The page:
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Hospital chiefs told improve hygiene… Including in the infection unit

Aberdeen Royal Infirmary
Aberdeen Royal Infirmary

NHS Grampian chiefs must immediately improve basic hand hygiene across Aberdeen Royal Infirmary after “very poor” practices were found – in the infection unit.

The move comes after Healthcare Improvement Scotland made an unannounced visit to the flagship hospital.

While inspectors found good standards of cleanliness across the hospital environment, the review team said it found “many examples” of staff not decontaminating their hands in three out of 11 departments inspected.

Shortfalls were found in the geriatric assessment and gynaecology wards plus the infection unit, where serious illnesses such as blood poisoning and tuberculosis are treated.

Inspectors found “very poor” hand hygiene in the unit with concerns also raised that some staff were not wearing the appropriate clothing to work.

In accident and emergency, inspectors found compliance with strict hand hygiene protocols had fallen away to 65% at the end of last year. Action is normally taken if it falls below 90%.

Richard Baker, Labour MSP for North East said, while the cleanliness of the hospital must be acknowledge, there

“Certainly we want to acknowledge good levels of cleanliness at ARI, but if there are gaps in basic practices around hand hygiene, particularly in wards where people are particularly vulnerable to infection, then NHS Grampian has to act urgently.

“With something as basic as hand hygiene, it must be the case that every step is taken to insure people are not at risk.”

The World Health Organisation states that healthcare staff must clean their hands on five separate occasions. They are before touching a patient, before touching sterile equipment, after exposure to body fluid, after touching a patient and after touching patient surroundings.

Back in 2011, almost one in 10 patients in Scotland had an infection that was not present or incubating at the time of their acute hospital admission.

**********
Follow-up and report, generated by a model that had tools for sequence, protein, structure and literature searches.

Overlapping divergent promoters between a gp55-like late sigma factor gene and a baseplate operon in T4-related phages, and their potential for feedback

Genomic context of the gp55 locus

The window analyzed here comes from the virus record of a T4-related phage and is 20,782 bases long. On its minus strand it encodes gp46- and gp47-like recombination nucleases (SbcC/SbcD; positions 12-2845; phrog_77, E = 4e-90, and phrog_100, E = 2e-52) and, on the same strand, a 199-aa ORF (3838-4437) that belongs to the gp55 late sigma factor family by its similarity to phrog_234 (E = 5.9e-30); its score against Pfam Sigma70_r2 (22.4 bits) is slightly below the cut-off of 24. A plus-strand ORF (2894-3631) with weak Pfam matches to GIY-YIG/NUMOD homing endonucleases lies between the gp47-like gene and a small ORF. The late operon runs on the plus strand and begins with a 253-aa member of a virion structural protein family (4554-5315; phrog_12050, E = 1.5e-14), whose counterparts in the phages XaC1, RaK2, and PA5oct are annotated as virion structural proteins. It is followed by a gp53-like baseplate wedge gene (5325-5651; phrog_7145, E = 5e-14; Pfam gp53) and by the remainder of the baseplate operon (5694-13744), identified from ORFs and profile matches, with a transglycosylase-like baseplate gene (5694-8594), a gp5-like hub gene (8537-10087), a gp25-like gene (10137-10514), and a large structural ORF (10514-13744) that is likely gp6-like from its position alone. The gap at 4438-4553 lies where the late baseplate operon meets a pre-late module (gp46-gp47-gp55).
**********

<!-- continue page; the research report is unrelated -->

Two thirds of Healthcare Associated Infections are thought to be to be preventable.

Rates of HAI have been driven down in recent years, partly due to increased hand hygiene. For example, 191 cases of clostridium difficile were recorded by NHS Grampian in June 2009. The figure fell to 33 in September 2014.

NHS Grampian must take immediate action in three areas following the report. As well as improving standard hand hygiene practices, it will have to improve records relating to catheter fittings and information relating to HAIs in general.

A board spokeswoman said: “We were disappointed inspectors noted poor hand hygiene compliance in the infection unit. Since the inspection our Infection Prevention & Control team have worked with staff and we can report compliance levels are back up to 95%”

“We are pleased the inspectors found that wards, departments and patient equipment were clean.

“All patients the inspectors spoke to were satisfied with cleaning in bays, rooms, toilets and showers, and the hard work being done by cleaning staff was acknowledged. Some patients spoke of high standards of hand hygiene when nurses and clinical staff interacted with patients, but the inspectors found compliance rates were not high on some wards.”

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